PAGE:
2. The method of claim 1 wherein requesting allocation of at least one first B channel includes requesting allocation of one to n B channels, n being an integer equal to the maximum number of B channels provided by a physical interface between the end office and the central office switch.
3. The method of claim 1 wherein the first bandwidth demand parameter includes the amount of data in a send queue and the first threshold includes a first predetermined amount of data in the send queue.
4. The method of claim 3 wherein the second threshold includes a second predetermined amount of data in the send queue.
5. The method of claim 4 wherein the first predetermined amount of data is greater than the second predetermined amount of data.
6. The method of claim 3 wherein the predetermined relationship between the first bandwidth demand parameter and the first threshold includes equality of the first bandwidth demand parameter to the first threshold.
7. The method of claim 3 wherein the predetermined relationship between the first bandwidth demand parameter and the first threshold includes the first bandwidth demand parameter being greater than the first threshold.
8. The method of claim 4 wherein the predetermined relationship between the first bandwidth demand parameter and the second threshold includes equality of the first bandwidth demand parameter to the second threshold.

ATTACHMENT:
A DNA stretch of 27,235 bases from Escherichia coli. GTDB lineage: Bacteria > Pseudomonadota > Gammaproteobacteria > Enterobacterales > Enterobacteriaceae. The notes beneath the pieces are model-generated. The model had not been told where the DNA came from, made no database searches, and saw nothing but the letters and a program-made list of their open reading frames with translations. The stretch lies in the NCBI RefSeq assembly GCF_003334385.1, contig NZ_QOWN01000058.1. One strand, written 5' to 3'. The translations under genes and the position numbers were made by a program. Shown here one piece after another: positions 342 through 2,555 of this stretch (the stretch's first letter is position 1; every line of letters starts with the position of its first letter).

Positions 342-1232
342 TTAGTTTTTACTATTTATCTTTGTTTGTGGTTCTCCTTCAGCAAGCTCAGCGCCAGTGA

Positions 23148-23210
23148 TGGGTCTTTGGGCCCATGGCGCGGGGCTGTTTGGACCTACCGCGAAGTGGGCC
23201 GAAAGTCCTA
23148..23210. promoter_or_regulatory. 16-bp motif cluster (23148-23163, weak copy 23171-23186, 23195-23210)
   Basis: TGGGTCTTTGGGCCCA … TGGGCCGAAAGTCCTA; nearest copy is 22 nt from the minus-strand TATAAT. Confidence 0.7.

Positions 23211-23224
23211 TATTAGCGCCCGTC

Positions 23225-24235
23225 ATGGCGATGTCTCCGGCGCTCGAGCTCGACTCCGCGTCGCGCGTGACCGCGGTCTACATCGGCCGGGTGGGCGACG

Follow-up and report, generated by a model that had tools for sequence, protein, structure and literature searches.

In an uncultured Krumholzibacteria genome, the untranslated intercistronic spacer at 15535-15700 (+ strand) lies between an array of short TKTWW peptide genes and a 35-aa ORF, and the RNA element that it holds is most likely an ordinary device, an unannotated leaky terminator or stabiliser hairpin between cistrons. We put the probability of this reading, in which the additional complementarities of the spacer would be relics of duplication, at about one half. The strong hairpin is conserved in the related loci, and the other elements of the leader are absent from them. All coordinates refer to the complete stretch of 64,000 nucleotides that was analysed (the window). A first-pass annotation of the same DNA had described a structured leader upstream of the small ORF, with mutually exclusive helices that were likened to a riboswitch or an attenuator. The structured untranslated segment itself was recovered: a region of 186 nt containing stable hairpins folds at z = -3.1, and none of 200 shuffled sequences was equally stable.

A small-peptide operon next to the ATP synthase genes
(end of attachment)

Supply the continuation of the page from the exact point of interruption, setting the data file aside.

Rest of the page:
9. The method of claim 4 wherein the predetermined relationship between the first bandwidth demand parameter and the second threshold includes the first bandwidth demand parameter being less than the second threshold.
10. The method of claim 1 wherein requesting allocation of at least one first B channel includes sending, over the D channel, a bandwidth allocation control protocol message to the central office switch.
11. The method of claim 10 wherein sending a bandwidth allocation control protocol message to the central office switch includes sending, over the D channel, a CALL REQUEST message to the central office switch requesting allocation of a range of B channels from the central office switch.
12. The method of claim 1 wherein requesting allocation of at least one second B channel includes sending, over the D channel, a bandwidth allocation control protocol message to the central office switch.
13. The method of claim 12 wherein sending a bandwidth allocation control protocol message to the central office switch includes sending, over the D channel, a CHANNEL REQUEST message for requesting allocation of a specified number of B channels from the central office switch.
14. The method of claim 1 wherein releasing the at least one second B channel includes sending, over the D channel a bandwidth allocation control protocol message to the central office switch.
15. The method of claim 14 wherein sending a bandwidth allocation control protocol message to the central office switch includes sending, over the D channel, a CHANNEL RELEASE message to the central office switch for requesting release of the at least one second B channel.